It is a hulking mass of book, weighing in at almost four pounds and nearly 800 pages.
    It is Insomnia, and if ever a Stephen King novel begged not to be bought, it was this one. At first glance, it is a bloated testimony of a writer's self-indulgence. The main character, Ralph Roberts, isn't much of a modern hero: he is a seventy-year-old widower who is having trouble staying asleep. The first few hundred pages deal with the problems of the aged and the dividing of a town along pro-life and pro-choice lines. These first few hundred pages (with the exeption of a startling and very effective action sequence near the beginning) are slow (not plodding) and seemingly meandering. King, of course, has used this tactic before in his earlier novels (to its best effect in Needful Things), but here the device is a little distracting. Sure, King has infused life into Ralph and his friends Lois Chasse and Bill McGovern, and yes, the reader is happy to be exploring the town of Derry again (the home of King's 1986 tome It,) but really, Steve, where are we going here?
    Then come the auras and the little bald doctors. Ralph begins to see what he thinks of as 'auras', emissions of brilliant light enclosing every person and thing, with a slender stem jutting up from people's and animal's heads, what Ralph thinks of as their 'lifeline'. During one night of premature waking, Ralph glimpses out his window to see two small men who look like doctors enter one of his neighbor's houses with a giant pair of scissors. The next day, the neighbor is dead of heart failure. Ralph's quest begins. Ralph and his special friend Lois come to know the doctors, and their purpose. They are referred to as Clotho, Lachesis, and Atropos (the names of the three Fates), and they indeed sever the lifelines of all living things, serving the purposes of Life, Death, Purpose, and Random (what the doctors explain as the four constants of existance -- trust me, it makes more sense in the book.) Clotho and Lachesis enlist the help of Lois and Ralph because the sake of all existance is teetering on the balance. Their mission is to intercept a pro-choice rally in Derry, headed by the abortion-rights activist Susan Dey (no, she does not perform with the Partridge Family or work for a law firm in Los Angeles). Atropos, the mischevious 'doctor' tries to thwart their attempts, at times taking their friends' lives as bargaining chips.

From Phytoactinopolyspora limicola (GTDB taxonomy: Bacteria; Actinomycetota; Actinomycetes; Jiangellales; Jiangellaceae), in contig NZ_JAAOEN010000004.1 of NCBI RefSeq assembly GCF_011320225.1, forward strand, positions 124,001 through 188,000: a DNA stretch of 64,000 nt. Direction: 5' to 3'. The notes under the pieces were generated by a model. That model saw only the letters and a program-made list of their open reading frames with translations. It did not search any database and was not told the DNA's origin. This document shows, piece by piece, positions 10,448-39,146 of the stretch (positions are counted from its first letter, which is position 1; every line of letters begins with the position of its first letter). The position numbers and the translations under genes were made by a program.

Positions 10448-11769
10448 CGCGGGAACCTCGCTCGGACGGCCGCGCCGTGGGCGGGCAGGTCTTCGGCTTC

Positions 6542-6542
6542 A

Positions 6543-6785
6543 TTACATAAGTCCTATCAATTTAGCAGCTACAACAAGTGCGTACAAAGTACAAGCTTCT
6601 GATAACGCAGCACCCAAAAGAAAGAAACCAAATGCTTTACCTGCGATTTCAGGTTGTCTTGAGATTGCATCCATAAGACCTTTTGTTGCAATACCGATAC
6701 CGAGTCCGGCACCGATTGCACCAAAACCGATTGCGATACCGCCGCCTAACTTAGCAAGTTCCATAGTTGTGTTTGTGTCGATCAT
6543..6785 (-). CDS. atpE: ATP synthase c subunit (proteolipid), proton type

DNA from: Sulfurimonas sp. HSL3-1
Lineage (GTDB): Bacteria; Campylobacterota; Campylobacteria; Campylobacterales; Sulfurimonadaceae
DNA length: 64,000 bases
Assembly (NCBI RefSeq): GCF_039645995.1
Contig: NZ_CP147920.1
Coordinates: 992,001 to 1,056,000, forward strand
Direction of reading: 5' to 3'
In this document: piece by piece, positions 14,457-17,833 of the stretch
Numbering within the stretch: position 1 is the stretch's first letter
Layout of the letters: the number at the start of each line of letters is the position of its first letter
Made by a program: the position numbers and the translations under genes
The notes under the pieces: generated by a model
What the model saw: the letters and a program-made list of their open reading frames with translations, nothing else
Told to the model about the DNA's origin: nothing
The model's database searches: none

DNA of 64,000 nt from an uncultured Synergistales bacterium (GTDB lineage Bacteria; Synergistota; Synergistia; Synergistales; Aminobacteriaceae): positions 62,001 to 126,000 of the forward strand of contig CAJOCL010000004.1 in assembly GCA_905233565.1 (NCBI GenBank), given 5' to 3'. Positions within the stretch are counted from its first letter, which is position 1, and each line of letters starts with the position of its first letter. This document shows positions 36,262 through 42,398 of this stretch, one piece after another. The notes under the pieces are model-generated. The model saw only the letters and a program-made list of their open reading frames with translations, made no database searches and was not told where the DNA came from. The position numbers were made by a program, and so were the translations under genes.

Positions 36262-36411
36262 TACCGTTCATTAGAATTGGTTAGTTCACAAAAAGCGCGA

Until this point, the novel is an exciting, fast-paced ride, but there still seems to be confusion. What is the purpose of Ralph and Lois stopping the rally. When they demand the answer from the 'good' doctors, we discover as well: they are on a mission to save The Dark Tower itself. A young boy at the rally, Patrick Danville, will later save someone who is critical to the Tower's existance, and thus Existance itself. If the Tower falls, everything falls. And here, everything falls into place.